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Program urges students to 'think first'

Fallbrook High School is continuing its efforts with the California Highway Patrol (CHP) and the Think First project to warn high school students against reckless driving and underage drinking and driving, with special focus on the prom and graduation season.

The high school takes every opportunity it can to discuss the repercussions of drinking with its students, said Josh Way, director of the Associated Student Body (ASB).

“All of these events purposely happen right before spring break, prom and graduation,” said Way.

“Every year during Standardized Testing and Results (STAR) testing when we have the seniors during the test, we take the opportunity to have guest speakers from various organizations speak to the students about making positive choices, especially when it comes to drinking,” said Way. “This year we have Eric Newbury from the CHP giving a presentation on drinking and driving.”

Throughout the year, the high school also hosts free Start Smart driver’s classes, which are provided by the CHP for new drivers and their parents.

High school seniors and juniors are not the only students being targeted by the anti-underage drinking programs at the high school.

“Our Health and Life Skills classes, taken by all ninth graders, teach the students about the many dangers of alcohol consumption,” said assistant principal John Hayek.

The high school also hosts the Every 15 Minutes program – a comprehensive program that gives juniors and seniors a simulated experience of losing fellow students at the hands of a drunk driver – every other year.

“This is a two-day event that involves all of the local agencies; fire, police, sheriff, etc. aimed at not only exposing the realities of such tragedies, but educating students on how they can make positive choices when put in real life scenarios,” said Way.

This year, the high school hosted the Think First program on April 29.

“Think First is another day to speak about implication of making bad choices behind the wheel,” said Way. “[Think First] provides numerous speakers who have been directly impacted by poor choices come and they give their testimony.”

“In a perfect world, kids wouldn’t drink and drive,” said John Buchanan, public information officer for North County Fire Protection District. “We are trying to teach kids that their parents would much rather receive a call from them to pick them up than the medical examiner’s office asking for them to identify their child.”

Buchanan believes that the hard facts of reckless driving and underage drinking and driving he presents in his slide show and presentation are a good “wake up call” for the students.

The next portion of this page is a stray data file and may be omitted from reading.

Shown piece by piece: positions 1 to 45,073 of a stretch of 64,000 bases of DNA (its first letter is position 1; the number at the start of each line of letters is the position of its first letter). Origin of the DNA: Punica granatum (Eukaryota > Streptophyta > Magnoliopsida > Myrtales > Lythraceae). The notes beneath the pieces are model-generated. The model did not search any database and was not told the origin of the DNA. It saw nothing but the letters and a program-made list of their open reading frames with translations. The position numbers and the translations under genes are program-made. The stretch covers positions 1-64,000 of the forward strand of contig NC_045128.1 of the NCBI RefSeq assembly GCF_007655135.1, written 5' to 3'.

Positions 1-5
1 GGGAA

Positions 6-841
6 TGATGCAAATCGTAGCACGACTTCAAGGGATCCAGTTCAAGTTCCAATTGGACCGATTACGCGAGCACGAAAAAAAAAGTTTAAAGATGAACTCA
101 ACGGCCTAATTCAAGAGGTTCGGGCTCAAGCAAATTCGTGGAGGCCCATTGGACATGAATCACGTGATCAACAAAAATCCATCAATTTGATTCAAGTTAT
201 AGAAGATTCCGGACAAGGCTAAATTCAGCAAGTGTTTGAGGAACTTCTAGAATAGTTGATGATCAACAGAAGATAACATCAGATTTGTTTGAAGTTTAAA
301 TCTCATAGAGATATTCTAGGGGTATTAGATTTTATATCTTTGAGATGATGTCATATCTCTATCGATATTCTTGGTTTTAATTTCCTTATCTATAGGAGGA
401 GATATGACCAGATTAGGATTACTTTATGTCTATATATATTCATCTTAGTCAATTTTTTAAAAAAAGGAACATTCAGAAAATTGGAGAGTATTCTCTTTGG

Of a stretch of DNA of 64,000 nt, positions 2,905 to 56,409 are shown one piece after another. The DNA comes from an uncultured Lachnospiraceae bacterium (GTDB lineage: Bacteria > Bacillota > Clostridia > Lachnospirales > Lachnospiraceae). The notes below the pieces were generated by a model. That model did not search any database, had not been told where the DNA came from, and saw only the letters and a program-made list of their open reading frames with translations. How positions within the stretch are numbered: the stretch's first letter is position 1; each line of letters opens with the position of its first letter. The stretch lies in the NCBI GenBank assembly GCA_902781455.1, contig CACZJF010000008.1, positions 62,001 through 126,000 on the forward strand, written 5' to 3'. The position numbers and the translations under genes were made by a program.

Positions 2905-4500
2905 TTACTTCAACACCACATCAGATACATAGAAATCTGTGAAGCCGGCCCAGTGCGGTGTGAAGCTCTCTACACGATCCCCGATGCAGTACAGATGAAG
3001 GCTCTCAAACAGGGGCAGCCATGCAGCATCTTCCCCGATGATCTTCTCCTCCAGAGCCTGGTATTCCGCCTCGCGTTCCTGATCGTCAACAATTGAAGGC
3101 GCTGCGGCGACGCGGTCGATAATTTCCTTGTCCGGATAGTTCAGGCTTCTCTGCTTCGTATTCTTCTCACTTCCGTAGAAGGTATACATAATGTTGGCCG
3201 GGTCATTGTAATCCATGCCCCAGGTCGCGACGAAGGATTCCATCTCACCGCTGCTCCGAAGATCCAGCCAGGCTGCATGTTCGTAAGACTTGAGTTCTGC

“The presentation can be graphic, but high school kids don’t believe [they can be hurt or killed] until they see it,” said Buchanan. “We show the outcomes of crashes from distracted or drunk driving in communities.”

According to Buchanan, the Think First and Every 15 Minutes programs have been highly successful in deterring students from reckless and drunk driving.

“From the time I began working [with NCFPD] in 1990 to 1999, we would lose two to five students to crashes during prom and graduation each year,” said Buchanan. “Since the programs were implemented in 2000, we haven’t lost a student every single year. While our results are not 100 percent perfect, the education and knowledge is being put into use by the students.”

It is not merely the school administration and law officials that are taking a stand against underage drinking, said Way.

“We have a group of students who have been very proactive in motivating parents and peers to pledge not to drink. They are called the Fallbrook Youth Prevention Group and they have been really active this year,” said Way. “They hosted two parent town hall meetings and a lunchtime rally on campus.”

According to Hayek, the Fallbrook Youth Prevention Group recently encouraged fellow students to take a special pledge against drinking, focusing particularly on prom and graduation.

“During graduation, the administration goes into every senior class and speaks to them about making positive choices,” said Way. “Principal Rod King always has a very honest and sincere message for the seniors.”

However, some students still feel the need to drink, and if they are found drunk on campus, disciplinary measures are taken.

“Whenever a student is in trouble for being in possession and/or under the influence of alcohol, they are suspended from school for five days and their parents are called to come and pick them up,” said Hayek. “Students are given the option to enter a free drug/alcohol education program through Palomar Family Counseling in order to have the suspension reduced to three days. Students who are caught under the influence of alcohol at school a second time are recommended for expulsion from the district.”

To limit the amount of drinking done on school premises and at school functions, the school uses sensors.

“At all school dances, school administrators use the alcohol sensor at the entry way to deter and/or detect the presence of alcohol on the breath of the students,” said Hayek. “We very rarely have students who have been drinking attempt to enter a school dance.”

“We use the breathalyzer as a proactive measure to ensure the safety of our students,” agreed Fallbrook High School principal Rod King. “Just knowing that we have the means to detect alcohol consumption makes [students] think twice.”

“As a school we recognize the dangers of Fallbrook roads and the tragic history of events our community has experienced over the years,” said Way. “We try to be as proactive as we can in providing students and parents the information they need to make safe choices when driving.”

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